Canvey has traditionally been used as sheep-farming pastures, evidenced as having occurred during Roman occupation right through to the coming of the Dutch in the mid 16th Century. The sheep traditionally farmed there were of a now-unfamiliar long-tailed breed. The Doomsday Book of 1086 which surveyed each town and city, and what people possessed there, describes Canvey as a ‘sheep farming parish under the control of nine parishes’. In the Medieval and early-modern era, Canvey was split into several sections, with each of the nine parishes surrounding Canvey owning sections of Canvey’s land each. Out at Canvey Point, rectangular divisions of the marsh into Dutch field boundaries can still be seen although this is most clear from above on Google Earth (pictured).
Sometime roughly around 1622, a Canvey land owner known as Sir Henry Appleton called upon expert Dutch engineer Cornelius Wasterdyk Vermuyden to reclaim Canvey’s constantly flooding marhsland. Whilst it is traditionally thought that Vermuyden was directly responsible for Canvey’s reclaimation as he was other parts of England’s south-east coast, it is now thought that an individual named Joas Croppenberg was most important in this development. At this time, sheep had to be herded into sheltered enclosures on higher land known as ‘wycks’ when the tide came in. Permanently reclaiming the land would remedy this difficulty. Dykes and seawalls were created, as well as and a drainage and sluice system made from hollowed-out Elm tree pipes; now on display at the Dutch cottage museum after excavation in the 1970s (pictured). Many of the dykes and field patterns are still used, even if modified, and the seawall is still prominent in many parts of the island. The ‘Point’ of Canvey Island is one place where the Dutch seawall can be seen today; partially eroded by the tide to reveal its chalk and staked timber core (pictured). With the reclaimed land, Canvey was used for growing crops and also for cattle. In 1627 a petition was put out by the Dutch wishing for a house in which Dutch religious services could be carried out in. In 1630, this was agreed to and a small Chapel was constructed on the then highest point of the island.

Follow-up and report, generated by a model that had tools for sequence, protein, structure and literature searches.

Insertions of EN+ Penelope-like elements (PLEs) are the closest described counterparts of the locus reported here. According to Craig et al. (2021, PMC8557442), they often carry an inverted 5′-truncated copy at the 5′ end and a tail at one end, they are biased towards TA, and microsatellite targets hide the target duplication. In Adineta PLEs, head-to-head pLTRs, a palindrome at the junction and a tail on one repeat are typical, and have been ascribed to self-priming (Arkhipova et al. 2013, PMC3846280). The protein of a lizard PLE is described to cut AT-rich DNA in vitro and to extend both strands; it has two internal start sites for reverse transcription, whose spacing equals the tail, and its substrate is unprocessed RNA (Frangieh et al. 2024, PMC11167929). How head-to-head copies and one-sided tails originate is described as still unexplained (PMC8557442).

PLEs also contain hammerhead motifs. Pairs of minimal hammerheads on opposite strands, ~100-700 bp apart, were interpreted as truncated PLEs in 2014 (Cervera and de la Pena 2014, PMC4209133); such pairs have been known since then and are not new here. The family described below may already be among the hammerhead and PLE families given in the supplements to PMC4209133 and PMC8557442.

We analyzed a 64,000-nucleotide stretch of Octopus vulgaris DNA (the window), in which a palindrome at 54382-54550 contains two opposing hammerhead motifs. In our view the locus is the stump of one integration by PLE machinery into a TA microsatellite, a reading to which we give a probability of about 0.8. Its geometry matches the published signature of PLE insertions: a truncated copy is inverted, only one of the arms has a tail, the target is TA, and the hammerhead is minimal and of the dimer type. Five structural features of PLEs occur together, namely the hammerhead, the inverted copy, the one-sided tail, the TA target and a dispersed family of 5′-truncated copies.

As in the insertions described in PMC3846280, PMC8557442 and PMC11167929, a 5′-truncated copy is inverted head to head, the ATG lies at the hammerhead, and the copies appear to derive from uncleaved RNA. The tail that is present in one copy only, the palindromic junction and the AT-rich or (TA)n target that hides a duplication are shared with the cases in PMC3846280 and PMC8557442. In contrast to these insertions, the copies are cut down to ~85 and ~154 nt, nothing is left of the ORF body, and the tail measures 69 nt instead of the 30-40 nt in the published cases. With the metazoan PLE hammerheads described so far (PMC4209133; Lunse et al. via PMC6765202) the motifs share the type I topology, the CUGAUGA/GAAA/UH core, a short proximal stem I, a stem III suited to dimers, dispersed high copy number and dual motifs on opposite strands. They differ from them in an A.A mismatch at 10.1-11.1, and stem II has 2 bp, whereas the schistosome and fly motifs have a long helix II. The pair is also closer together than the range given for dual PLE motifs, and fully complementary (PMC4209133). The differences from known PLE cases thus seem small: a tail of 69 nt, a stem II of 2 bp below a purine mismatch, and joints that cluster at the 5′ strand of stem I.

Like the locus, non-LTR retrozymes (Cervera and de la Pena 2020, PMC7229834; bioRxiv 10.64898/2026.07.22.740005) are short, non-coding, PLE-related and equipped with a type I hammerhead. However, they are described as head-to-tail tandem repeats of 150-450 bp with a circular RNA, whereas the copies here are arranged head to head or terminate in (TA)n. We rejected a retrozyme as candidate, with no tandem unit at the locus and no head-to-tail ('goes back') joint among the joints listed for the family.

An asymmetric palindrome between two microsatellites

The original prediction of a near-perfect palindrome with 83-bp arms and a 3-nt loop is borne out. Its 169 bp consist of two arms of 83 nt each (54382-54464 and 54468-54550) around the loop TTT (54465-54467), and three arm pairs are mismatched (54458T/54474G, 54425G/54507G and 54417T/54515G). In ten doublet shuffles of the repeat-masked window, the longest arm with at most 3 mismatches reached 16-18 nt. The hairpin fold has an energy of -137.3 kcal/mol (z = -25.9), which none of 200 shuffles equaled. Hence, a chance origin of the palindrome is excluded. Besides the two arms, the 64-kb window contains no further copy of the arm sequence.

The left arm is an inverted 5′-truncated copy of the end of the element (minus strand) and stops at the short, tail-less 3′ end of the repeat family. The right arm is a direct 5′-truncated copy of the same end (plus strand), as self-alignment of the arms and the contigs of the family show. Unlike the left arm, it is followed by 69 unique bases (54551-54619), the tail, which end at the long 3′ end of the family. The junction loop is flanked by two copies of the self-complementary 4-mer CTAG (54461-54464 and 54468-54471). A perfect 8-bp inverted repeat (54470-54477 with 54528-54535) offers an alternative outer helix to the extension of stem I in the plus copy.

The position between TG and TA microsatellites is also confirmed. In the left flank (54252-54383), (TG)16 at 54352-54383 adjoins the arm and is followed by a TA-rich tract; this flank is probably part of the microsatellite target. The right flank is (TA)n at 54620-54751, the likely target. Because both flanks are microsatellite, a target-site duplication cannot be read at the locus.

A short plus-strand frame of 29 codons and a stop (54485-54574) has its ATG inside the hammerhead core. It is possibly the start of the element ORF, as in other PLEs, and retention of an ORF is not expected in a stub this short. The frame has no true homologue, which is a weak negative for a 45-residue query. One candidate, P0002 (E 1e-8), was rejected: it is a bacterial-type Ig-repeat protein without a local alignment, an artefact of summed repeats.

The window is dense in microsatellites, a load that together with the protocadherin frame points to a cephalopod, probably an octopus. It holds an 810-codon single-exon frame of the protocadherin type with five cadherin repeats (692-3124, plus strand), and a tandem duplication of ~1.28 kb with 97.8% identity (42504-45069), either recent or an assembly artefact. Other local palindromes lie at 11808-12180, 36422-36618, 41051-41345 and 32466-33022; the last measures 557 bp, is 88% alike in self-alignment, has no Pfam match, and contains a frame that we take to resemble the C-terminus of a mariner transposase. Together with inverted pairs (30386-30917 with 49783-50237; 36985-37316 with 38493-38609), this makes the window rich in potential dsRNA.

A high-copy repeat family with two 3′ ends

In the Victorian Era, the Dutch sea defences were either used as secondary ‘counterwalls’ or upgraded into more prestigious earthen mounds. Still not containing a ‘wall’ as such, it did feature a flattened path along it’s top. It can be seen opposite Smallgains Corner or west of the Benfleet Bridge. It was larger and taller than the Dutch one, although still was nothing more than piled earth as is still common across Essex’s marshland, and could have been breached easily if the tides took their toll as they did in 1953 when these earth walls were all the Island had.